Hackers Attack EU Medicines Agency EMA, Access COVID-19 Vaccine Data

The European Medicines Agency (EMA), responsible for the supervision and evaluation of products and medicines in the EU, suffered a cyberattack on Wednesday. The agency revealed the news in a brief statement posted on its website but gave little details, saying it “quickly opened a full investigation in close cooperation with the police.”

It was US drugmaker Pfizer and its German partner BioNTech who announced that data related to their COVID-19 vaccines were “unlawfully accessed” in the attack on EMA after the latter informed them of the incident.

The agency is in charge of assessing and approving COVID-19 vaccines for the EU. It is carefully considering whether to choose the vaccine that Pfizer and BioNTech developed or the one by US-based firm Morena. Whereas in the UK, the Pfizer/BioNTech received approval.

Under EU law, member states can take emergency procedures to adopt vaccines on a temporary basis. The UK is no longer an EU member after Brexit came into effect, but the country continued to follow EU rules until the end of 2020.

Who Was Responsible for EMA Attack?

Details about who was behind the attack or how and when they carried it out are still unknown. It is also unclear whether other information was compromised. However, Pfizer and BioNTech don’t believe the attackers breached the personal data of vaccine trialists. They added that EMA assured them the cyberattack wouldn’t affect the timeline of its review.

Experts say these documents could play a vital role for companies and countries seeking to develop vaccines. That’s because they contain confidential info about the vaccine’s mechanism, efficiency, risks and potential side effects, and handling guidelines.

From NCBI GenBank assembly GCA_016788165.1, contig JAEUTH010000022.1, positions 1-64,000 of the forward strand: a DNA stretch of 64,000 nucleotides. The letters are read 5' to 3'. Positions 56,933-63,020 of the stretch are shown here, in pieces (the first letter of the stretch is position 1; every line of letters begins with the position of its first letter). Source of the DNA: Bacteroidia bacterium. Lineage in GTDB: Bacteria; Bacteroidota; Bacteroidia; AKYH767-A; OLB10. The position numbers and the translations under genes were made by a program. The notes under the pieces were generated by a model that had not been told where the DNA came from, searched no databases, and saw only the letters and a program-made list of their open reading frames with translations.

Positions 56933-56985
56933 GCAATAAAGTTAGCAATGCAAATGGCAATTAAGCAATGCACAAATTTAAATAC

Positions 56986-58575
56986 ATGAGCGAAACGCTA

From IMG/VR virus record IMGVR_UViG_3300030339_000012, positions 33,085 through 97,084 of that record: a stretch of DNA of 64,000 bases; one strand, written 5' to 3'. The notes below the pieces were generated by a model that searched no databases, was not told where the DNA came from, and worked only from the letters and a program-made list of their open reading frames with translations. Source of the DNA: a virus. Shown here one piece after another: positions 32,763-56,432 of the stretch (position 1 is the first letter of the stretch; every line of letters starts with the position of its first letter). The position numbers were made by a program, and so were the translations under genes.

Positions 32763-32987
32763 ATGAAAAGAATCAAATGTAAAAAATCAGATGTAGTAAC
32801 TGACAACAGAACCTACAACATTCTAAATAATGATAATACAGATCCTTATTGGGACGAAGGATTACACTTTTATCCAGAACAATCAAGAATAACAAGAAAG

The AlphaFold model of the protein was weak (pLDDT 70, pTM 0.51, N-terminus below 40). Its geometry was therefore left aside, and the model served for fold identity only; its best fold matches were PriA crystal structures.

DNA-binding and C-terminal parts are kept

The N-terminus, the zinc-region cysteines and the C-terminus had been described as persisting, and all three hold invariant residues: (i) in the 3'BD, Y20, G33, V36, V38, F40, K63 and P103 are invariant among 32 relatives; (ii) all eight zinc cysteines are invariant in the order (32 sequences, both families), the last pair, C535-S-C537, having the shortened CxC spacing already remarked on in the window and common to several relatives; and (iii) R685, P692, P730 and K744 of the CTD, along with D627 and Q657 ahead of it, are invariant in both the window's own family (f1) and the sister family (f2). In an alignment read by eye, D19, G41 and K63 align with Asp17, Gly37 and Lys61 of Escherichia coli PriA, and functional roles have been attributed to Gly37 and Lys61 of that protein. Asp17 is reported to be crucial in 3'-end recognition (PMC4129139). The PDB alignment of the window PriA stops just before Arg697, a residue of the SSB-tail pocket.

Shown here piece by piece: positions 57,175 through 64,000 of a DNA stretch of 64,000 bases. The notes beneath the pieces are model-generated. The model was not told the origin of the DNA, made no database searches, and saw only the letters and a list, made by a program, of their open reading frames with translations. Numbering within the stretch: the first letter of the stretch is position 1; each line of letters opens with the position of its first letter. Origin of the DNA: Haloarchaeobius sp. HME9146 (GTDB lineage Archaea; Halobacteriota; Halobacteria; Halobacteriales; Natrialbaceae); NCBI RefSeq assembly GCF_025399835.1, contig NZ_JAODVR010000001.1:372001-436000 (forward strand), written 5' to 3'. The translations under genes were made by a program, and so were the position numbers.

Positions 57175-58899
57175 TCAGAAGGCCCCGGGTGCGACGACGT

It also provides details about suppliers and distributors, which could significantly broaden the attack surface and increase hacking threats. The companies added that “no BioNTech or Pfizer systems have been breached in connection with this incident.”

Due to the mounting threats of cyberattacks, online security tools are now pivotal. VPNs, for instance, safeguard your Internet privacy and anonymity by encrypting your traffic and masking your IP address. As a result, no one can monitor your online activities or track your location. Moreover, you’ll unblock geo-restricted content like US Netflix, Disney+, and the BBC iPlayer.  

Ralph Peterson

Ralph was bitten by the tech bug from an early age. Today, he is an expert cybersecurity geek with 13+ years of online privacy and streaming experience under his belt. Spoiler alert: He hates bottled TV show endings (Game of Thrones) and whenever his favorite teams lose.

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